Despite attempts to convince us that induction of labour reduces the caesarean section rate, those of us who have worked within hospitals know from experience that induction of labour poses a real threat to a woman’s chance of giving birth to her baby herself. Sometimes, the potential benefits of induction outweigh this and other risks, but I know many midwives and doctors who think that the current induction rate is far too high.
I’m always sweeping the literature for snippets and studies that relate to the question of how we can help more women to have a normal birth and, with more Recipes for Normal Birth workshops coming up, I was interested to see the publication of research from Sweden (Ekéus & Lindgren 2016) which looked specifically at the impact of induction on unplanned caesarean and vacuum extraction. Even better, the researchers controlled for medical complications, which allows us to see whether having a complication changes the situation for women. This is retrospective research, so it has pros and cons in relation to what we are able to gather from it, but we know from some of the systematic reviews of the randomised controlled trials in this area that the data from these are subject to human interpretation and their results are not always the best way of seeing what is happening in reality.
The Swedish research includes data from over a million births and it confirms that, for most women, having labour induced means they are two or three times more likely to have an unplanned caesarean section. (The exceptions to this were women who had already had a baby whose labours were induced early because they had a problem, but this is a fairly specific group, and the majority of women who undergo induction do not fall into this group). Women having their labour induced were also more likely to have a vacuum extraction, although the chance of this happening was less than the chance of their being told they needed a caesarean section.
The data are particularly stark for women who do not have a medical complication, which includes those whose labours are induced simply because they have reached a certain point in pregnancy. For these women, having their labour induced in weeks 39, 40 or 41 of their pregnancy meant they were three times more likely to end up with a caesarean section than the women whose labour began spontaneously.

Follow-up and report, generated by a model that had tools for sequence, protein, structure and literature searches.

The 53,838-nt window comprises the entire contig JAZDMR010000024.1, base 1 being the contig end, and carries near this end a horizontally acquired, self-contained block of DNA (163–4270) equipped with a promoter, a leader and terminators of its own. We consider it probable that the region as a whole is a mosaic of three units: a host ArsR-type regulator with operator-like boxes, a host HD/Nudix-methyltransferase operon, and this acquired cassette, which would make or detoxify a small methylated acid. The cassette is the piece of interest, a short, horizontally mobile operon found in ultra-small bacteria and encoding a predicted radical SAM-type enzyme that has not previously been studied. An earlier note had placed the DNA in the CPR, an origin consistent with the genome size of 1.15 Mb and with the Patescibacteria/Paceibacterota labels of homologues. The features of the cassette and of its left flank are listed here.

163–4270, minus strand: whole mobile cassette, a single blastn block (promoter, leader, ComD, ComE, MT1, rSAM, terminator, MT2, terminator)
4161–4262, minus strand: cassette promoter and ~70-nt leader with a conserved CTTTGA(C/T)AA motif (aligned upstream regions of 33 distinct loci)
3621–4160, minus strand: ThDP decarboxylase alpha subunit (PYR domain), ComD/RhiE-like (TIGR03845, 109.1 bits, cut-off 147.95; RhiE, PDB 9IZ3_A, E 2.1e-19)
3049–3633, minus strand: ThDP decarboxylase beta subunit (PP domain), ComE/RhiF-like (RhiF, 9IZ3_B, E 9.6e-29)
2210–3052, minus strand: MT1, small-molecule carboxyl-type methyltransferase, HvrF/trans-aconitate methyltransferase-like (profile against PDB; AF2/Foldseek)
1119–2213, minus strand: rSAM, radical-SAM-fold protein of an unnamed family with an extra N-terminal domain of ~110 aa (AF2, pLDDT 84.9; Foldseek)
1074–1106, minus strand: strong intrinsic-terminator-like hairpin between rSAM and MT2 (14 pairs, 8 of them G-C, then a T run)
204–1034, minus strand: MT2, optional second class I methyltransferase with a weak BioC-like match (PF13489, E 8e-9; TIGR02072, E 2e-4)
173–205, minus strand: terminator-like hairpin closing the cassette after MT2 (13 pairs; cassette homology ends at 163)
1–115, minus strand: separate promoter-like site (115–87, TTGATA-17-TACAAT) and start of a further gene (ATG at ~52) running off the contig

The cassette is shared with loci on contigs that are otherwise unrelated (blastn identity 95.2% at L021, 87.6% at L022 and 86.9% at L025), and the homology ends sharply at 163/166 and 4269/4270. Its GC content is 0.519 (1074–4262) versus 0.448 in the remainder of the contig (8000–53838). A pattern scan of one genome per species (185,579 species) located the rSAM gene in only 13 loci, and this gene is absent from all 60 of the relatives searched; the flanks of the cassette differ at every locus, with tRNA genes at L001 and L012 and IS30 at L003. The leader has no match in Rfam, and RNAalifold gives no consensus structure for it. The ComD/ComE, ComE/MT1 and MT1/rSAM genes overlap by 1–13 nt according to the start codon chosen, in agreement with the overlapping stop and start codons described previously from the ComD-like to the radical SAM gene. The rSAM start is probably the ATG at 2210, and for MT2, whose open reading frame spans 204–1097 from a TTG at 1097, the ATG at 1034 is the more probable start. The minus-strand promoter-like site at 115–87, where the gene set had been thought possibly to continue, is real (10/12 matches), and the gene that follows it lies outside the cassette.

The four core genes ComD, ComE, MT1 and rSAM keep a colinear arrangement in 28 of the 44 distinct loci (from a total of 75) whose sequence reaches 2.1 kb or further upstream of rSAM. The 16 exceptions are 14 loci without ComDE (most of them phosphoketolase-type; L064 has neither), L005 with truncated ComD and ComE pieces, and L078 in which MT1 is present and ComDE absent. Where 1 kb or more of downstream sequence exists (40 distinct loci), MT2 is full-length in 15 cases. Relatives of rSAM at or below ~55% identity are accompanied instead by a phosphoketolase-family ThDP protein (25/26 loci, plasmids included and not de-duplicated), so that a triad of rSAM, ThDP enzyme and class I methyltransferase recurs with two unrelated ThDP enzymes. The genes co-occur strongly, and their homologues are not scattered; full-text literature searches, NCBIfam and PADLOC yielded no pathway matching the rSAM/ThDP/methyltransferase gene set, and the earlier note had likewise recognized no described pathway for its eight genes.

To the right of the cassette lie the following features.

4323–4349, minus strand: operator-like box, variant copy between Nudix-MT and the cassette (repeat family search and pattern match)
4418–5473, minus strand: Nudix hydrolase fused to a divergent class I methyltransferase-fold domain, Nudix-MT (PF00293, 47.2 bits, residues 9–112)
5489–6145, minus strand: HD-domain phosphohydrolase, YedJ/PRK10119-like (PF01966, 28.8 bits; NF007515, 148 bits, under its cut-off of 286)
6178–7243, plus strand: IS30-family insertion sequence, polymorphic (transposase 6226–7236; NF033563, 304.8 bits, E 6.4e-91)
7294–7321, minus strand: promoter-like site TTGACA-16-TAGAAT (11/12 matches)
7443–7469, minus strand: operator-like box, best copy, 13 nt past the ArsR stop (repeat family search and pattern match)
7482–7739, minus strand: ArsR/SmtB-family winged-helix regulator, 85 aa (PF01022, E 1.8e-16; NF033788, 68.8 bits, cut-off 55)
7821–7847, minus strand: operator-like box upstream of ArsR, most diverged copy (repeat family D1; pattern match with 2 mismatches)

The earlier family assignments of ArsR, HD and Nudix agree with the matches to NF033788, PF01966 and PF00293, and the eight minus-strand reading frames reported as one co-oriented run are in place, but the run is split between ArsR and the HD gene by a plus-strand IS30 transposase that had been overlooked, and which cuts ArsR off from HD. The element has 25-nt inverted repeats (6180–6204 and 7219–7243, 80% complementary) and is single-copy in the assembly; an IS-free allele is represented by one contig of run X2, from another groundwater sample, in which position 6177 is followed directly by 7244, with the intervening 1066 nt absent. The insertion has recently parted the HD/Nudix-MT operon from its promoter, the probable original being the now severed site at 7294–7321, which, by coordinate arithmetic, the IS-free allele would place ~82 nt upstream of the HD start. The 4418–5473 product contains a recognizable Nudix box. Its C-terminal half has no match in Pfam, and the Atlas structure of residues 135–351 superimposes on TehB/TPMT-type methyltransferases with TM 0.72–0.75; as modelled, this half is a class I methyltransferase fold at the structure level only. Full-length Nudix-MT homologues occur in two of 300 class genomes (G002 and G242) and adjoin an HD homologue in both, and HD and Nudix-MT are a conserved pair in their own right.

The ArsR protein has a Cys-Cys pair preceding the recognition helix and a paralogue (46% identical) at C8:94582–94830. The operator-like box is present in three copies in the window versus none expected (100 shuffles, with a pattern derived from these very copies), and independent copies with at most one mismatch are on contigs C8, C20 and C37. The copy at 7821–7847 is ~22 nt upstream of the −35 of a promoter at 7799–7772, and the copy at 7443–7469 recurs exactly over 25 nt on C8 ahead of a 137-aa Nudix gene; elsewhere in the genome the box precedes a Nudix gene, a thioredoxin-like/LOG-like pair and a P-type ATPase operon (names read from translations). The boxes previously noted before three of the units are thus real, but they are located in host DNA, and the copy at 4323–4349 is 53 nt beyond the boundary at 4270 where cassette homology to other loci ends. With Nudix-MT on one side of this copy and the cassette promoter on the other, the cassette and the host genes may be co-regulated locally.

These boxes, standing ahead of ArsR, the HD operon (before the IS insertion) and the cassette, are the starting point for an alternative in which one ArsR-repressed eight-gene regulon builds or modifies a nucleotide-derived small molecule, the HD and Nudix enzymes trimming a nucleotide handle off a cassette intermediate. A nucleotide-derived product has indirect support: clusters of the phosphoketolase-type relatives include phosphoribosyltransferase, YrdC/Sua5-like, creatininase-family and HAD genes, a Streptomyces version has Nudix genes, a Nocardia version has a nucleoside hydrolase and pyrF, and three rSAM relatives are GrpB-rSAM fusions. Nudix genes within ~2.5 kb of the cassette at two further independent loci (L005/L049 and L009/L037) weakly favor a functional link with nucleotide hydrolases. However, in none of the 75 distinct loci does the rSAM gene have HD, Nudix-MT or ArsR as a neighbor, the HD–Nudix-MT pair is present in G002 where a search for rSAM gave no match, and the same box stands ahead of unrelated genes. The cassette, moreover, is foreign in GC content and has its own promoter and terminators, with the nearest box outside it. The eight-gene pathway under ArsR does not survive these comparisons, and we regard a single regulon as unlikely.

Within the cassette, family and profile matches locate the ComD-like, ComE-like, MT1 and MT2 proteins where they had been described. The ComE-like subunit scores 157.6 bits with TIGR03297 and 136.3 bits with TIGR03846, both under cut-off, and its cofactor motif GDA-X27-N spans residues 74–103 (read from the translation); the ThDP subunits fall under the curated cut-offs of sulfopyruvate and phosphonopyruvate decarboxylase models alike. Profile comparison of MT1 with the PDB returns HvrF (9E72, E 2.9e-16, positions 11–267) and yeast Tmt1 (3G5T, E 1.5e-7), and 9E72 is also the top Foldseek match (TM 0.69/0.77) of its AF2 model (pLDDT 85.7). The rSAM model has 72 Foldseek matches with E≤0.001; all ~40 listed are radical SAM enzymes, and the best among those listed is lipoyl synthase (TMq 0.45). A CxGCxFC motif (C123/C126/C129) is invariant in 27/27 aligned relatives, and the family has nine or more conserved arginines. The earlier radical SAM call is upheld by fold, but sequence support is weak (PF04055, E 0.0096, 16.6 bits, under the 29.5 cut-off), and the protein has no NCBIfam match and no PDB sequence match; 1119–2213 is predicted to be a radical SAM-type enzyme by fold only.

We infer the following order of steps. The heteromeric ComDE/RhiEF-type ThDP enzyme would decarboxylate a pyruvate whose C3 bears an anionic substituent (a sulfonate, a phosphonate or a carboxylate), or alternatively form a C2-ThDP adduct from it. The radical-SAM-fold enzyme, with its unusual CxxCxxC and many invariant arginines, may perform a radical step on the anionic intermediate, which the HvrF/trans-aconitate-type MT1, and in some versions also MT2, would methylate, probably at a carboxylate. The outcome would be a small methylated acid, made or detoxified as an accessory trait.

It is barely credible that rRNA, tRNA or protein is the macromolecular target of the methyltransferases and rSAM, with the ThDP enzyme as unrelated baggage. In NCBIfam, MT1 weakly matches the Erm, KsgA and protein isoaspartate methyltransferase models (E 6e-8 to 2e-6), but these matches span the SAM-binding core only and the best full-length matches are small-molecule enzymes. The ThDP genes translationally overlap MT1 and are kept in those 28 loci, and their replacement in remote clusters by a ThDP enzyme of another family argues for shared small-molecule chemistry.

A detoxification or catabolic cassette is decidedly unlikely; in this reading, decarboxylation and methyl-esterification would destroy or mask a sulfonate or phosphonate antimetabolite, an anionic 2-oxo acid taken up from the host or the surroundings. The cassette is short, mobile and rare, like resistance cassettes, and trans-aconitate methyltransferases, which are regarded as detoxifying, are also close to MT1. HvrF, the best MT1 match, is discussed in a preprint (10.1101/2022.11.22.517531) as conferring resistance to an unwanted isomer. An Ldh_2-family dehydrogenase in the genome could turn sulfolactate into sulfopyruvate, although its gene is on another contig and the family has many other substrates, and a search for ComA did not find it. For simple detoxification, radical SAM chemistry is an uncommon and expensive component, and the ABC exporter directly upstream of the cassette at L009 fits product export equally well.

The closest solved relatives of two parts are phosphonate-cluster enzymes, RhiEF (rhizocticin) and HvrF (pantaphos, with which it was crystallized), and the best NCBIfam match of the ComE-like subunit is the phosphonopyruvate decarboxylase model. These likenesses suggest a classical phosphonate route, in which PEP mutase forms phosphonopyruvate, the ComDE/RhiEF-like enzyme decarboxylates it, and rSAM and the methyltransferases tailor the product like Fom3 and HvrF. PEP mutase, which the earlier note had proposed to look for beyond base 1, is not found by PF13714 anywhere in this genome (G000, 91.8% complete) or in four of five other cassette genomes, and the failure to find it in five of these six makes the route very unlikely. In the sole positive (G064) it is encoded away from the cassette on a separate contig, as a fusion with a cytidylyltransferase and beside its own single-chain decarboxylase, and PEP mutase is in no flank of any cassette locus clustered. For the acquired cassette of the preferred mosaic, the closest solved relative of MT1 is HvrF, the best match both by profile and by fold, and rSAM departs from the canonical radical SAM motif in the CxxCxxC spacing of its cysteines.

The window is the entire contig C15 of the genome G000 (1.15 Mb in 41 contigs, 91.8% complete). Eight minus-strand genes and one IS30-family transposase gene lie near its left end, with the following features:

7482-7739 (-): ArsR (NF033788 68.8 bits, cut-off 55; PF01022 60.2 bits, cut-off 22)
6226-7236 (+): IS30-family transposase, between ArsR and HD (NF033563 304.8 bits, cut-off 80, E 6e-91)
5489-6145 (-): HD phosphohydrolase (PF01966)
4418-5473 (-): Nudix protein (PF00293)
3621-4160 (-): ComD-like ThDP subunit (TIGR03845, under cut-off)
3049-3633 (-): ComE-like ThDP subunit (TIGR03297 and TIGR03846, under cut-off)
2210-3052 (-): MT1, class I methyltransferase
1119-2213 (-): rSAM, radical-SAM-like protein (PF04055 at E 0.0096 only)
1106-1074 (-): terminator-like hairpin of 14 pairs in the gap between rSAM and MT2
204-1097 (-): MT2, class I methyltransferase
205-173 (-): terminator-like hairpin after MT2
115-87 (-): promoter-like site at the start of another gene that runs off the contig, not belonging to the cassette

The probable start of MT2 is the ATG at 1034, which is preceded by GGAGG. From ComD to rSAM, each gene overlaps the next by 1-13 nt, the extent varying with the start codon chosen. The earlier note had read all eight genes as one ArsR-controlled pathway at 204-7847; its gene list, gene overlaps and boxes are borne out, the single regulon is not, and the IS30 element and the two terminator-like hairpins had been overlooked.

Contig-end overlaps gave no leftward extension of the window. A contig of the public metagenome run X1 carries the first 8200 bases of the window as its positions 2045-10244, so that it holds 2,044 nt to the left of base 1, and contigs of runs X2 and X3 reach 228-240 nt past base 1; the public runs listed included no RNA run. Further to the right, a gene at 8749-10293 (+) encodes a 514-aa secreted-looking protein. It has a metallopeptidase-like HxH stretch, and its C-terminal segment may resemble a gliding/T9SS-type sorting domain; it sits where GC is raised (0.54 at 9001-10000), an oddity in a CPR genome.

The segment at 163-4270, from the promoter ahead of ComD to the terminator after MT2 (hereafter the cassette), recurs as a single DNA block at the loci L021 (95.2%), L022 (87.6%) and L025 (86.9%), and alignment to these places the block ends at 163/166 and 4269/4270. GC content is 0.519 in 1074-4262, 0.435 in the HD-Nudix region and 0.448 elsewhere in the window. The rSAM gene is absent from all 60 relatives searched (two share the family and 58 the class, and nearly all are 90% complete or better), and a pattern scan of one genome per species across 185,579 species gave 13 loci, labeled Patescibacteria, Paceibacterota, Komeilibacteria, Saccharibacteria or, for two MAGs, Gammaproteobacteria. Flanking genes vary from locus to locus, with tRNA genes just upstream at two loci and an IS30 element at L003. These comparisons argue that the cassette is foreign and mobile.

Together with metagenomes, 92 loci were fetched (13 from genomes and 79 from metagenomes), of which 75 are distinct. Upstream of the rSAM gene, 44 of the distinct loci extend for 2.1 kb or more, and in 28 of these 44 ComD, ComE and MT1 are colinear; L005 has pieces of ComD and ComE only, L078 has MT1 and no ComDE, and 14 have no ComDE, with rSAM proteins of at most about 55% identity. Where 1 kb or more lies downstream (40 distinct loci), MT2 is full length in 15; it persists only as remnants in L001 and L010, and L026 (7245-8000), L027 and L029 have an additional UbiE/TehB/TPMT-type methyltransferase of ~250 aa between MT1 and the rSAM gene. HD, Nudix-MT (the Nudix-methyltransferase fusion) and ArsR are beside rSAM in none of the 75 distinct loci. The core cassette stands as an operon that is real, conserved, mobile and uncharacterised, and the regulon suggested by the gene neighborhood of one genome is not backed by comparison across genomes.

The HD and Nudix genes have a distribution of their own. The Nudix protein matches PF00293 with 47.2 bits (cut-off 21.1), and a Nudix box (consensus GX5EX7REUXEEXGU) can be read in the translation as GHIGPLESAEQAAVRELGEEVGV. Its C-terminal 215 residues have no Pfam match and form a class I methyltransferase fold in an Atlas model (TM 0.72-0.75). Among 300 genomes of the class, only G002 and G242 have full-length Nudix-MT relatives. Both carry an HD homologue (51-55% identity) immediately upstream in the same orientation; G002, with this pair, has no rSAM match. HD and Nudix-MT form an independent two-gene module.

I am increasingly passionate about getting details about this kind of data out there for midwives, doctors, birth folk and women, through workshops and courses as well as through my website. We need to have good information to discuss with women and their families, we need to be confident in sharing this information and we need to pool our ideas about how we can bring about change. And yes, we also need to think about how we can help those women who truly do need interventions and consider whether there are things we can do to increase their chance of a normal birth.
Ekéus C and Lindgren H (2016). Induced Labor in Sweden, 1999–2012: A Population-Based Cohort Study. Birth. Early online, DOI: 10.1111/birt.12220
Background: Previous studies show contradictory results about the impact of induced labor on the cesarean delivery rate and few studies have investigated the risk of vacuum extraction subsequent to induced labor. The aims of the present study were to describe the rate of induced labor in Sweden from 1999 to 2012, and to assess the risk of unplanned cesarean delivery and vacuum extraction after induced labor in relation to medical complications and length of gestation.
Methods: A register-based cohort study was conducted, including 1,078,536 women with spontaneous or induced onset of labor who gave birth by noninstrumental vaginal delivery, unplanned cesarean delivery, or vacuum extraction in gestational week 37 + 0 to 41 + 6. Logistic regression was used to study the association between induced labor and instrumental delivery.
Results: The rate of induced labor increased from 7.7 to 12.9 percent among primiparous and from 7.5 to 11.8 percent among multiparous women. Induced labor was associated with 2–3 times greater risk of unplanned cesarean delivery among all women, except multiparas in gestational week 37–38, and with a 20–50 percent higher risk of vacuum extraction after the adjustment for confounding factors. Among women without a recognized medical complication, induced labor was associated with a threefold increased risk of cesarean delivery in gestational week 39–41 and a 40 percent increase in gestational week 37–38 compared with women with spontaneous onset of labor.
Conclusions: The proportion of induced labors increased substantially during the 14-year study period and was associated with an increased risk of both cesarean delivery and vacuum extraction, even in women without a documented medical complication. The increased risk of instrumental delivery should be taken into account when counseling about the risks and benefits of induced labor.
If you’d like to learn more about post-term pregnancy and build your confidence with the evidence, I’d love to welcome you to my online course on this topic 😀 And you can keep up with my research postings via my free updates and monthly Birth Information Update.